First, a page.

Mets infielder Ji-Man Choi looks on during a spring training...

Mets infielder Ji-Man Choi looks on during a spring training workout Saturday in Port St. Lucie, Fla. Credit: Newsday/Alejandra Villa Loarca

PORT ST. LUCIE, Fla. — Whatever competition exists for the last spot on the Mets’ bench got more crowded Saturday.

The Mets signed Ji Man Choi to a minor-league deal with an invitation to major-league spring training, adding the first baseman/DH to a small group competing to be a bat off the bench (and potentially absorb some DH playing time).

DJ Stewart, a rightfielder who had a strong second half last season, also is in that picture. The Mets are free to option him to the minors, though.

“I’m not necessarily going to say with [only] Stewart, but he’s competing here in camp for that,” manager Carlos Mendoza said. “Like we’ve been saying all spring and all offseason: There’s competition, whether it’s that bat off the bench. He’s right there in the mix.”

Choi, a 32-year-old lefthanded hitter, was injured and ineffective for much of 2023, which he split between the Pirates and Padres. In the years before that, he was a steadily above-average hitter, especially against righthanders.

Mendoza and Choi overlapped with the Yankees in 2017, when Choi spent most of the year in Triple-A and Mendoza was a minor-league instructor.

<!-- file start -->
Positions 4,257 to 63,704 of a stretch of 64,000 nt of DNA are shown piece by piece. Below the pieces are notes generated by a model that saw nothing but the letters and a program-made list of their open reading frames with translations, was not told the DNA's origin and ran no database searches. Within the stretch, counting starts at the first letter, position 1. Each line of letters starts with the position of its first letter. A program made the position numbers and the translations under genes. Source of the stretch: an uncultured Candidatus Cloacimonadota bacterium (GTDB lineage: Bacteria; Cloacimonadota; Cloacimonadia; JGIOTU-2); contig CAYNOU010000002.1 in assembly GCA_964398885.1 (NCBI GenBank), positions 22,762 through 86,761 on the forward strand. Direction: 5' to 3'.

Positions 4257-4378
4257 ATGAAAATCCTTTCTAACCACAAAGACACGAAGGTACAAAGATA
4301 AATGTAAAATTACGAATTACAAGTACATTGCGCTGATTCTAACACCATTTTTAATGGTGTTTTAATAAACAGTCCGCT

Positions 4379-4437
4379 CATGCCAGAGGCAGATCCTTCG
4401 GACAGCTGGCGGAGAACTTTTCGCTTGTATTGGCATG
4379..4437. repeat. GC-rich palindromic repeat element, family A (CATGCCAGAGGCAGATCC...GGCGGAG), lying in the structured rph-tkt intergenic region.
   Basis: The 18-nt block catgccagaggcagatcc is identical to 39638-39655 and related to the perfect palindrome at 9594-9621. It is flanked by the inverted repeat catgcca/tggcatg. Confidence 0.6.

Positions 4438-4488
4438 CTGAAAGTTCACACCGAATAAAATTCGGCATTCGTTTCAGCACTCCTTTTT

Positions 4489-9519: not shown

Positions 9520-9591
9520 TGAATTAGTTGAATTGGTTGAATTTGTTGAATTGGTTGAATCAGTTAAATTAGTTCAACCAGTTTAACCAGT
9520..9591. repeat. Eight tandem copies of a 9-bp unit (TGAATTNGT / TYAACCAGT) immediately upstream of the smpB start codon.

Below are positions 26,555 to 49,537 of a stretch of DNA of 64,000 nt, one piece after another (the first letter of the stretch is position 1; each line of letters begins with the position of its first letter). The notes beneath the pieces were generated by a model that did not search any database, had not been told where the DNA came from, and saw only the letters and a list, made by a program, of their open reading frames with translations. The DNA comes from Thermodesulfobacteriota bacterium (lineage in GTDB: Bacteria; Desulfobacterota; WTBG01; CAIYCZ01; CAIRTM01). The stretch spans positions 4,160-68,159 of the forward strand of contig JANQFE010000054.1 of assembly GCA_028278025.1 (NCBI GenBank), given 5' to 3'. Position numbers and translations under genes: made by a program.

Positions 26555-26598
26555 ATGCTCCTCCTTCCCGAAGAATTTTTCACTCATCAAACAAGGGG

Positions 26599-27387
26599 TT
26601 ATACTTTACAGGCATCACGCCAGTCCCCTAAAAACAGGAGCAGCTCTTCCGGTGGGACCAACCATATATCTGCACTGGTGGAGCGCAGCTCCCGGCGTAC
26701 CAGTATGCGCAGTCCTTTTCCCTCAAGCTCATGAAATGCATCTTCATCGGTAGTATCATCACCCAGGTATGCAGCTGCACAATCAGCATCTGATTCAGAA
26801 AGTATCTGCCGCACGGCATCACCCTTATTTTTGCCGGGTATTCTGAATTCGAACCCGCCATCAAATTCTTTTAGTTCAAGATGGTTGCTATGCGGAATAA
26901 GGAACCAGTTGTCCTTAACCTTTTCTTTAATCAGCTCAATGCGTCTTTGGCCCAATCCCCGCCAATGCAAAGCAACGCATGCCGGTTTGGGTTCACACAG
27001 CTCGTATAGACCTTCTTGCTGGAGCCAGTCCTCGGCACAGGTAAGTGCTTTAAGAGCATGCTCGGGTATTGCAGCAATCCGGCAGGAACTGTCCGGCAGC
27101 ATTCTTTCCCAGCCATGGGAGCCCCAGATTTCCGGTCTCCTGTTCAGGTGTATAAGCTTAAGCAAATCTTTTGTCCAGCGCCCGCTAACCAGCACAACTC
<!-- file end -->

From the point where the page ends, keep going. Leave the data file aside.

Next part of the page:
“The way he controlled the strike zone [stood out],” Mendoza said. “Obviously, there is power. He’ll give you quality at-bats . . . I know who he is as a player, as a person, and I’m excited to have him here in camp.”

Little brother, big city

A highlight of the offseason for Luisangel Acuna: his first-ever trip to New York City.

He was part of a large contingent of friends and family who were present to watch his brother, Atlanta’s Ronald Acuna Jr., receive the 2023 NL MVP Award at the annual awards dinner held by the New York Chapter of the Baseball Writers’ Association of America late last month.

“It gave me goosebumps, because not everybody wins an MVP,” Luisangel Acuna said through an interpreter. “To see my brother win it was really special.”

The only site he went to see while in the Big Apple: Citi Field.

“That’s what I’ve wanted to do since I’ve been traded here,” said Acuna, acquired by the Mets last summer when they sent Max Scherzer to the Rangers. “The stadium was beautiful.”

Acuna, who will turn 22 next month, very much looks up to Ronald but is a different caliber of player.

In Double-A last year, he batted .294 with a .769 OPS (much worse after the trade). He described defense as his best asset and he said he expects to settle in long-term at second base. The Mets plan to have him split time between second and shortstop during camp.

“With my brother, there aren’t many people that can compare,” he said when asked how he stacks up. “My brother is a talent that you see every 100 years. I’m going to continue to go out there, I’m going to continue to compete and do what I do.”

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